Musing and Messages from John Allen Cassady

Farewell to the Chief - A Tribute to Ken Kesey

"One flew East, one flew West, and one flew over the cuckoo's nest..."

The long, strange trip came to an end for Ken Elton Kesey at 3:45 AM Saturday, November 10th, 2001, after 66 years and a few hundred lifetimes on this planet.

Ken was a great friend to my father, Neal Cassady, and almost a second father to me after Neal died in 1968 when I was 16 years old. Kesey was one of the kindest and wisest men I've ever known, and he was one of my biggest heroes and mentors starting soon after he met Neal in the early '60s, a feeling which continues in me to this day. The pearls of wisdom that he shared with me and others around him are too numerous to count, but thankfully he left a great legacy in his body of work that will last forever.

Neal always wanted to be a provider to his family, and little did he know that much of that provision would be accomplished posthumously through doors that were opened to me because of his famous friends like Kesey and the Grateful Dead, Jerry Garcia being another of my heroes from about 1965 on. Much to the worry of my mother, Kesey and Neal would come collect my sister and me at high school, giving the authorities some song and dance about dentist appointments or whatever, and they'd whisk us away to see the Dead play at some local high school prom dance, just after they changed their name from the Warlocks. Some fond, early memories there. I recall once being called to the school office, not knowing what I had done to deserve what was surely going to be trouble from the evil principle, only to open the door and see Neal and Ken dressed in American flag jumpsuits complete with day-glo red Beatle boots and silly hats. The principle looked confused and said to me "this man claims to be your father!" He looked like he thought the circus was in town.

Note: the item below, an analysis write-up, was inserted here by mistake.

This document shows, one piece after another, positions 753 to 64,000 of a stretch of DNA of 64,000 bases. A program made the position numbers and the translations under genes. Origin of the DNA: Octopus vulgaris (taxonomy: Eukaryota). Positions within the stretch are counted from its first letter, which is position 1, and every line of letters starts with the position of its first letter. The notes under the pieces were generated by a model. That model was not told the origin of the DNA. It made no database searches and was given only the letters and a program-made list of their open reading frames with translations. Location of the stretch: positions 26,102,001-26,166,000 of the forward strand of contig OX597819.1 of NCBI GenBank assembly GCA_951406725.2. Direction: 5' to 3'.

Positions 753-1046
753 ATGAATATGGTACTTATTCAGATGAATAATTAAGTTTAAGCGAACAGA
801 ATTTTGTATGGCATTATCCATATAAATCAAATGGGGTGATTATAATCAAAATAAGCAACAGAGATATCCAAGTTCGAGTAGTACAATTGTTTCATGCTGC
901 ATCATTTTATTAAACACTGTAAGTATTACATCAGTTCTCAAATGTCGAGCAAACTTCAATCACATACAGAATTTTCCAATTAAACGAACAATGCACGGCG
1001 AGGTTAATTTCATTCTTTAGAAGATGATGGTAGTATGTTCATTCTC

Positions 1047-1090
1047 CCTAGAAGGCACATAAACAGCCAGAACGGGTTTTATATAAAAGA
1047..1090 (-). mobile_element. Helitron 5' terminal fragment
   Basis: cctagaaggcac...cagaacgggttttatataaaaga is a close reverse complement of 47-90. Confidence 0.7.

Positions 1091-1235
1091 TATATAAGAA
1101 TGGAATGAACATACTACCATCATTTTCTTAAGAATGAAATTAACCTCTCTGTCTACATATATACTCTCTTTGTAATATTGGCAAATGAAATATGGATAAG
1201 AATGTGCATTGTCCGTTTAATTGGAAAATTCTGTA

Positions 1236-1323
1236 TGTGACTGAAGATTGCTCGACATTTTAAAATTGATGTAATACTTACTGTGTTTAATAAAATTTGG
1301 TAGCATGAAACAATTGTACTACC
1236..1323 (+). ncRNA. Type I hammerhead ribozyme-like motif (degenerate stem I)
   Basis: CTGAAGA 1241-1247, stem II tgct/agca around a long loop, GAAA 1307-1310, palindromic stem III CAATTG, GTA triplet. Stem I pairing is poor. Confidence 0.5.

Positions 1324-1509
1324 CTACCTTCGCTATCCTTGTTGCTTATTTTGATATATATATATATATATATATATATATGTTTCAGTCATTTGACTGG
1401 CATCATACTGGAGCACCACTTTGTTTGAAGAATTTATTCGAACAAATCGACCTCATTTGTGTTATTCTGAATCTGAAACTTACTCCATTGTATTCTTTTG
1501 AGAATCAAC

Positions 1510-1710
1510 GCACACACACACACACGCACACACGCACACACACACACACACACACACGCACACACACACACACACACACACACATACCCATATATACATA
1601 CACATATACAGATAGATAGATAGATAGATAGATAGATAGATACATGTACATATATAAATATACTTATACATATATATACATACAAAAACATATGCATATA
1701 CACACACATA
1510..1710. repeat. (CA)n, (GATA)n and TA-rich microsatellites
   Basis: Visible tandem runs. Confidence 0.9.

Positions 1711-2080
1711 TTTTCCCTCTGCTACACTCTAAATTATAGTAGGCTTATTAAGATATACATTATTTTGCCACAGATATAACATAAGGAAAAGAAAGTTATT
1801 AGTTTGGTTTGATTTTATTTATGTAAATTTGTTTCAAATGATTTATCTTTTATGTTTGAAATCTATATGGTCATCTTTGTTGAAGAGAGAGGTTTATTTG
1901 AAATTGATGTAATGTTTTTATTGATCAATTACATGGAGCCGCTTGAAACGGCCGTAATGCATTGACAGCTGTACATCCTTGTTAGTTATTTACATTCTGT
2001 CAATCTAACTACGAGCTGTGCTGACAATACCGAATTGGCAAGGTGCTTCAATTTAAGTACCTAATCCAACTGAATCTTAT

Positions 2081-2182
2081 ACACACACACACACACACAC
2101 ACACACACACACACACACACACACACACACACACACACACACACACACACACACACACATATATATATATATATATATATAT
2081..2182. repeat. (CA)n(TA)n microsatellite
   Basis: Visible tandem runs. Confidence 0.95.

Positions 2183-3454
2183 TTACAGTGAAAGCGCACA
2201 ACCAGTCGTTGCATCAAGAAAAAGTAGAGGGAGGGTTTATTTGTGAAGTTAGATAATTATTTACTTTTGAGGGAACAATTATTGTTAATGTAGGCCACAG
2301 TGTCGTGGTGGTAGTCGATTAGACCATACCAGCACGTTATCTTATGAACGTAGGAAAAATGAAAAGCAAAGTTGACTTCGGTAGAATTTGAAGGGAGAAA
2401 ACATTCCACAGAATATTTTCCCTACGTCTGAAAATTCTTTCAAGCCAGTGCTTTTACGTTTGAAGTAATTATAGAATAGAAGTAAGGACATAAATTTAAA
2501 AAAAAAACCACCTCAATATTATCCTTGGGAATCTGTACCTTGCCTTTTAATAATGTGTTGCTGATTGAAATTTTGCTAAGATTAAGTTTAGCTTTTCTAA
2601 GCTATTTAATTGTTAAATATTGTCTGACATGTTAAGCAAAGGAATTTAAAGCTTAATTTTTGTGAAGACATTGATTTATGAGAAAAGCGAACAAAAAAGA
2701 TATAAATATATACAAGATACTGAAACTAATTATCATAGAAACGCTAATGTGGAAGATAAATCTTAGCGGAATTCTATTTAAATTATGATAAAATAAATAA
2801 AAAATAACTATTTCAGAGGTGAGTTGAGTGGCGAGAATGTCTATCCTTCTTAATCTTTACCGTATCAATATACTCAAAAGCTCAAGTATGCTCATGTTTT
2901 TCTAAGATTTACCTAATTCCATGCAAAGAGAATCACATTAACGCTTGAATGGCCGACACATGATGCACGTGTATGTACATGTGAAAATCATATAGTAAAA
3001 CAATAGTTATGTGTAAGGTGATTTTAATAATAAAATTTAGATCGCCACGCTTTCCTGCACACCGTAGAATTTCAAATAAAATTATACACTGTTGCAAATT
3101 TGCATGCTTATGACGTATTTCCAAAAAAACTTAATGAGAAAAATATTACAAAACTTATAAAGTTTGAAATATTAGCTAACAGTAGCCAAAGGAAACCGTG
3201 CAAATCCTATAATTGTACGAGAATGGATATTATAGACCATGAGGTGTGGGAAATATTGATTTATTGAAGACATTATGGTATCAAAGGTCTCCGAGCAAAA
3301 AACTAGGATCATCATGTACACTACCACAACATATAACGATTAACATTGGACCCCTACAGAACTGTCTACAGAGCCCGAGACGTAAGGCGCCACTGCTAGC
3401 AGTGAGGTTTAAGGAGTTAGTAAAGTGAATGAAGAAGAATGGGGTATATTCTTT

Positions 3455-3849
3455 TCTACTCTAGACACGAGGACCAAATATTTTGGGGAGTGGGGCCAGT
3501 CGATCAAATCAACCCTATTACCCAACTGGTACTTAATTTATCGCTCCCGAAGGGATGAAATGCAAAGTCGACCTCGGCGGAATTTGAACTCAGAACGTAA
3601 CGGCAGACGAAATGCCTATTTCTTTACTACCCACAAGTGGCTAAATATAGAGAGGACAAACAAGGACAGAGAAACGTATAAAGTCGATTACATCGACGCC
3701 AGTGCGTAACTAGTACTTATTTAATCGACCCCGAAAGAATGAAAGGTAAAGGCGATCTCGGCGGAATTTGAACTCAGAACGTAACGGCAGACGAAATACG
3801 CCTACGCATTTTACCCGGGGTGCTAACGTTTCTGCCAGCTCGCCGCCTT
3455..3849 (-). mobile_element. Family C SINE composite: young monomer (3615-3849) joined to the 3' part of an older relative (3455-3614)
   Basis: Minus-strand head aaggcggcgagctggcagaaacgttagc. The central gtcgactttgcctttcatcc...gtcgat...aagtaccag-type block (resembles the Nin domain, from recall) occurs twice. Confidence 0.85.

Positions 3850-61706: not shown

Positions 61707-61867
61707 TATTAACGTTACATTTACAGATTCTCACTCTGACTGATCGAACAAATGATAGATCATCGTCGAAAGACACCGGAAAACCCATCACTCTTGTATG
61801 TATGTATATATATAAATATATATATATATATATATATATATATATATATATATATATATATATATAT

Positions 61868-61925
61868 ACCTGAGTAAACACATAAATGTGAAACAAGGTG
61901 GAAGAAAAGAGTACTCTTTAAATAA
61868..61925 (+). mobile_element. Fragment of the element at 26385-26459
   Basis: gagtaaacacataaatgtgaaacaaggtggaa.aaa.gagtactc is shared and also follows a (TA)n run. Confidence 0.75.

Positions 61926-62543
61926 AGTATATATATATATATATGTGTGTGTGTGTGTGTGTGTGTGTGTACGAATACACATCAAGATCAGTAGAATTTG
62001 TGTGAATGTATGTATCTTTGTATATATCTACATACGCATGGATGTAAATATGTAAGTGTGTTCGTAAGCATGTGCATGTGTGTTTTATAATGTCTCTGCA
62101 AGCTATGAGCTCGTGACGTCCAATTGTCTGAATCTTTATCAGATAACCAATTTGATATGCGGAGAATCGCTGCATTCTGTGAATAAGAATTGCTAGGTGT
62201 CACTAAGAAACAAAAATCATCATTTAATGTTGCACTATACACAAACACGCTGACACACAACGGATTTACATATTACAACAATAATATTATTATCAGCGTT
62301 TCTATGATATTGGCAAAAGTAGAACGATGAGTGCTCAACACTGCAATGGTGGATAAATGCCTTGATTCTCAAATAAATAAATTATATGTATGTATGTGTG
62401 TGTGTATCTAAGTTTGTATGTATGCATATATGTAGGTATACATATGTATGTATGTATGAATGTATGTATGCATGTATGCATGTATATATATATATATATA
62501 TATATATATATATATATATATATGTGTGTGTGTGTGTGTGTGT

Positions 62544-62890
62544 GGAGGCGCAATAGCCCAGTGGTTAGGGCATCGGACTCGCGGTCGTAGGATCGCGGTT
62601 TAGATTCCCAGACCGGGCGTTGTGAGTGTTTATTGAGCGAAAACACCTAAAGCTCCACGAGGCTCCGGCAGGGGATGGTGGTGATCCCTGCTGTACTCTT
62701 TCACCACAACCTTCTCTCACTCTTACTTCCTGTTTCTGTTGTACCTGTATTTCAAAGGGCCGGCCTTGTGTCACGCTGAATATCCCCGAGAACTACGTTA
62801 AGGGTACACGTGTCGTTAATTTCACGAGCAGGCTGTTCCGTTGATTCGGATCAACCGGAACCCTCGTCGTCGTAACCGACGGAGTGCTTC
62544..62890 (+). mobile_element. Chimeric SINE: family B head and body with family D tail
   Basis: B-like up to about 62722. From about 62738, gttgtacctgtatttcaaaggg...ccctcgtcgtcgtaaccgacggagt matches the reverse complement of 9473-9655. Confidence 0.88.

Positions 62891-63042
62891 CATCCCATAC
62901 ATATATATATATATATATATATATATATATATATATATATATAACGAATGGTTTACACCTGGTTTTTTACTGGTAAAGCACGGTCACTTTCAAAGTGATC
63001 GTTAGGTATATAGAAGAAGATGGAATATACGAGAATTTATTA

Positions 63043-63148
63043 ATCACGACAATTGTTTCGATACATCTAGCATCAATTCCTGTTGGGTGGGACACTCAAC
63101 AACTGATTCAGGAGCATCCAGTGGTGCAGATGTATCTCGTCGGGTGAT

My mother needn't have worried. When I'd try to sniff the smoke from the refers being passed around the car, Dad would admonish the passengers "no dope for the kid!" Kesey knew I was disappointed, but always honored Neal's request in those early days.

After Neal's death Kesey would go out of his way to look us up when he was in the Bay Area, and he showed up unannounced at my wedding in November of 1975 on his way back from Egypt, while writing a piece for Rolling Stone. That was one heck of a party. I still have pictures of him holding my then-3-month-old son, Jamie, and beaming like a proud godfather.

Another warm memory was back stage at a Dead show in Eugene when Kesey's fellow prankster Zonker ceremoniously presented me with one of 2 railroad spikes that the Dead's roadie Ramrod, while on a sacred pilgrimage, had extracted from the tracks where Neal died in Mexico. And again when Kesey and Ken Babbs bequeathed Neal's black and white stripped shirt to me that he had worn on the bus trip to New York in 1964, this time during a show we did at the Fillmore in 1997 before bringing the bus to Cleveland, where it was inducted into the Rock and Roll Hall of Fame. Ken called and asked if I would drive "Further" into Ohio "because Neal can't make it this trip." Although veteran Prankster driver and mechanic George Walker did the actual driving, Kesey's heart was in the right place.